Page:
Now, transferring information in this way is not inherently problematic. We’re not automatically sharing information with a third-party when we use telephone wires to make a phone call. However, when one or both of the owners of the email servers start to analyze the information that you’ve sent through their system (whether to feed you ads, or to aid in your productivity), you’ve got four serious problems to think about: 1) the exposure of confidential client information, 2) the potential waiver of attorney-client privilege, 3) the possible disclosure of Personal Health Information as its defined in HIPPA, and 4) the possible disclosure of protected financial information under the GLBA.


The best way to mitigate your risk here is to trust no one. Assume that your information is being copied, read, and sent all over the place every time you send something out. Take a look at a few of the more common providers’ terms of service for some enlightenment:

Their free version specifically mines the information “about” your email in order to aggregate it and sell it to third parties and serve you ads. While the GSuite version doesn’t feed you ads, both agreement appear to be silent on whether they mine the actual content of your email.

This one’s pretty simple, Yahoo literally, “analyzes and stores all communications content,” whether using their paid service or not. At least they aren’t dancing around it.

AOL uses the same privacy policies as Yahoo. Which makes sense – they’re owned by the same company.

It would appear that Microsoft does not aggregate your data and sell it to third-parties. Which is helpful, since they will also sign a Business Associate Agreement with you if you go through the right channels. However, it would still appear that they analyze your email information for their own internal purposes (ostensibly to help you).

As you can see, even when you pay for the service, it is highly likely that your provider is looking at the content of your email for various reasons, which are not necessarily nefarious. You just have to assume that it is happening and take appropriate precautions for your sensitive communications.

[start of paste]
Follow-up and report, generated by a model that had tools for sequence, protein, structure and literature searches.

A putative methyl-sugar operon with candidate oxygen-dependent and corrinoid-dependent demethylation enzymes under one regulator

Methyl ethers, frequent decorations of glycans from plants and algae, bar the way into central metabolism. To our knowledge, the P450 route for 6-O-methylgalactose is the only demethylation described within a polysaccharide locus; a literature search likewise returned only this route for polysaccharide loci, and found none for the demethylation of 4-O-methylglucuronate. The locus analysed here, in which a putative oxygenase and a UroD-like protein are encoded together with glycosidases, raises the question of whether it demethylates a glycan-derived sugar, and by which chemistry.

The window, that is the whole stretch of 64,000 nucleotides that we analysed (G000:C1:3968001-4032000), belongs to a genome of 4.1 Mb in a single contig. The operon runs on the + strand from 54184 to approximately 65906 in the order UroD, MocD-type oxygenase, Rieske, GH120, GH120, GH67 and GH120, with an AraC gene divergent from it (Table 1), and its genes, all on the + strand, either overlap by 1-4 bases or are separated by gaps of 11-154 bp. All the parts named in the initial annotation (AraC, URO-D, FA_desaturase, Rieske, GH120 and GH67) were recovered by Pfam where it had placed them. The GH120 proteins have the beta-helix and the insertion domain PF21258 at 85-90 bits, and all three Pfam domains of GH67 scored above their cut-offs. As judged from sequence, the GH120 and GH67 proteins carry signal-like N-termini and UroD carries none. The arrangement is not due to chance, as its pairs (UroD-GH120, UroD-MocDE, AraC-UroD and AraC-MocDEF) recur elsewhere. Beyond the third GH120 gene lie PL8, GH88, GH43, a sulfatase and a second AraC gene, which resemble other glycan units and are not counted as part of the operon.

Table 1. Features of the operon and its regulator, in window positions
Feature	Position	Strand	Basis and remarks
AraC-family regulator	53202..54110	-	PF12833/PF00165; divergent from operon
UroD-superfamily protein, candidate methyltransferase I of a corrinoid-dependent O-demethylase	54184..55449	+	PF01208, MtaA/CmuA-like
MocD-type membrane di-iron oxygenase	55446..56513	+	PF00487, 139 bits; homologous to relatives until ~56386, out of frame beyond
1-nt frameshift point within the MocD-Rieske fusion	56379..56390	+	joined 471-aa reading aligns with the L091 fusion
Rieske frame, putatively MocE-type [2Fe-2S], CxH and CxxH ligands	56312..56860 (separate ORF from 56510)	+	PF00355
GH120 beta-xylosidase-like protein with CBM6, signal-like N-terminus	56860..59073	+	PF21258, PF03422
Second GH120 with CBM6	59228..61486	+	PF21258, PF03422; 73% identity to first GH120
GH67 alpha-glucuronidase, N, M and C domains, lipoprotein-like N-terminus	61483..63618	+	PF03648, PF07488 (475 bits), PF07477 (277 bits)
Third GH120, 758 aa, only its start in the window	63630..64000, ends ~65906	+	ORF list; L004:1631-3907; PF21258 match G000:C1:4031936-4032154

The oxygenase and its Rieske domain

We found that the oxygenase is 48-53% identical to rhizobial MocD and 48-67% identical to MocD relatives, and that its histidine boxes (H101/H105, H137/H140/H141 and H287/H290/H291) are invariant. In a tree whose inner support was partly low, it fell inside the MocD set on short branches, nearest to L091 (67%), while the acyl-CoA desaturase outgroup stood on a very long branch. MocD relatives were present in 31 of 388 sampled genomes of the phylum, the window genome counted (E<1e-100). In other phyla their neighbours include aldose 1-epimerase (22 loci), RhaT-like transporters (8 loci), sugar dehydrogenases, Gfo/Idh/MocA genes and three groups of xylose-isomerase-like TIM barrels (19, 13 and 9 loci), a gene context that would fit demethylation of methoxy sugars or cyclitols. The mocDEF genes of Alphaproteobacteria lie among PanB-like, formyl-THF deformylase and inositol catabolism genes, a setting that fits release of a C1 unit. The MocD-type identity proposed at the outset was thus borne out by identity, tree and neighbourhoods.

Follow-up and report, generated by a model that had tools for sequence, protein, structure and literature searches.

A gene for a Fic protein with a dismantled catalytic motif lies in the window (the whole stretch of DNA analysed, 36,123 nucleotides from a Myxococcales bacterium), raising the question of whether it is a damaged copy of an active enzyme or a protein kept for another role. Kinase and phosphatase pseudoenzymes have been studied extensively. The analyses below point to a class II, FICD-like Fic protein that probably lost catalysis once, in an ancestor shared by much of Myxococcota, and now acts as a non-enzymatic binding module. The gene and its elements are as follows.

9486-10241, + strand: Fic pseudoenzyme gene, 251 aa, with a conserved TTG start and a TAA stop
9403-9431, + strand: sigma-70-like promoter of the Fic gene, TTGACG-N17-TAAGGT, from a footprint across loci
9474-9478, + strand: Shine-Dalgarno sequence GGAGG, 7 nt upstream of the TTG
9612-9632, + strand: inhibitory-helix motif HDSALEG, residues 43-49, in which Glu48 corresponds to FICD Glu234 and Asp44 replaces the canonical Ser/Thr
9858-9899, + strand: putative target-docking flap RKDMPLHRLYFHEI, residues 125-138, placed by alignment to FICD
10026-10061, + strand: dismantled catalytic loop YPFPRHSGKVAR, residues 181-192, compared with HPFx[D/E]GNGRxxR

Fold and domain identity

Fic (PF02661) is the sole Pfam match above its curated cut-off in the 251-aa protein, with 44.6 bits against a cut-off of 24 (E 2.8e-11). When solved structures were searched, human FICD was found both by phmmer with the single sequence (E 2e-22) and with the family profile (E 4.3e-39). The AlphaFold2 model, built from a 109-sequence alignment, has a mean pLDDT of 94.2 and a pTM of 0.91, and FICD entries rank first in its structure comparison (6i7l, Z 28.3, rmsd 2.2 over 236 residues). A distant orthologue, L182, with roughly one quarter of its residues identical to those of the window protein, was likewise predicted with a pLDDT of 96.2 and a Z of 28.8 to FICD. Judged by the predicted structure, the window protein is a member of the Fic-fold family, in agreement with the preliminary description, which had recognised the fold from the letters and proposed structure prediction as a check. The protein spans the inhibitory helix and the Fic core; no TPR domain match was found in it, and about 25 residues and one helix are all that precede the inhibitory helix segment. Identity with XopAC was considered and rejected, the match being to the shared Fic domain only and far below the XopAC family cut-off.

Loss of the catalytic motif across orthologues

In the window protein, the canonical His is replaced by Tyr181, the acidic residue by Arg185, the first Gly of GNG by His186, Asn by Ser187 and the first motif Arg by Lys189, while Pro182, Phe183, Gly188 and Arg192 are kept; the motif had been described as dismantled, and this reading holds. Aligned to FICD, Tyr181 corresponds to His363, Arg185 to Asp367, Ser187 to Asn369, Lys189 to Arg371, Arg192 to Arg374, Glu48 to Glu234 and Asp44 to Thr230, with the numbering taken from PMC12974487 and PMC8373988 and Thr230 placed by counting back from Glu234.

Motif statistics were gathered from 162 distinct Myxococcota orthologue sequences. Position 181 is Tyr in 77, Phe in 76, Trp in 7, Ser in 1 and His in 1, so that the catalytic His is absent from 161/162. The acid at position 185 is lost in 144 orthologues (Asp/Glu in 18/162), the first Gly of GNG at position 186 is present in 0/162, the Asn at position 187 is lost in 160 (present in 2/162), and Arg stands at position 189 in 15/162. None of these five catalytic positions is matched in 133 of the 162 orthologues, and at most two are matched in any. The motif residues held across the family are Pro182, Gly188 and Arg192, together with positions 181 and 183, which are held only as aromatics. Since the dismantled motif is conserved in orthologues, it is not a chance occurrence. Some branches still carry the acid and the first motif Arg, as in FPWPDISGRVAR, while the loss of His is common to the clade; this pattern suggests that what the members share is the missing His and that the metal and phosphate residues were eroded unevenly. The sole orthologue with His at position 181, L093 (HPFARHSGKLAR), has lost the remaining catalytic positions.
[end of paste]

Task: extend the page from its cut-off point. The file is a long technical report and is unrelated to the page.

At the end of the day, the best method for addressing each of these problems is to encrypt all sensitive communications. This may seem like more club than is needed, but the interplay of these problems makes it the best solution. A waiver won’t work, and business associate and confidentiality agreements aren’t broad enough.


Can’t we just get written informed consent from our client? I mean, most of our ethical issues can be solved this way, right? Why not this one? If a lawyer isn’t dealing with PHI and isn’t covered by the GLBA, this could be a simple and effective solution. Just, tell your client what’s happening, and let them consent to it. This could work. But only if you’re never concerned with privilege in your email communication.

You see, getting your client to a point where he or she can make an informed decision also lets your client now that none of your communications are totally private. And so far, the relevant factor in maintaining privilege in email communications is whether the client had a reasonable expectation that his or her communications were private.1, 2, 3, 4, 5, 6, 7, 8. If you go off telling everybody that they aren’t private, there goes your argument. Now, I’m not sure that a judge will find that disclosure to Google’s email servers waives the attorney-client privilege. But I don’t want to be the guy defending against a motion that could have easily been avoided.

Enter asymmetric encryption . . .

“But wait, you didn’t even talk about Business Associate agreements, or confidentiality agreements.”

You’re right. Because even using those, you still have an attorney-client privilege problem, so they aren’t a complete solution. Additionally, how do you propose to execute a Business Associate agreement with your client’s email server provider? One should rely on those only for their intended purpose, allowing you to disclose information to the end user.

Can I get back to encryption, now?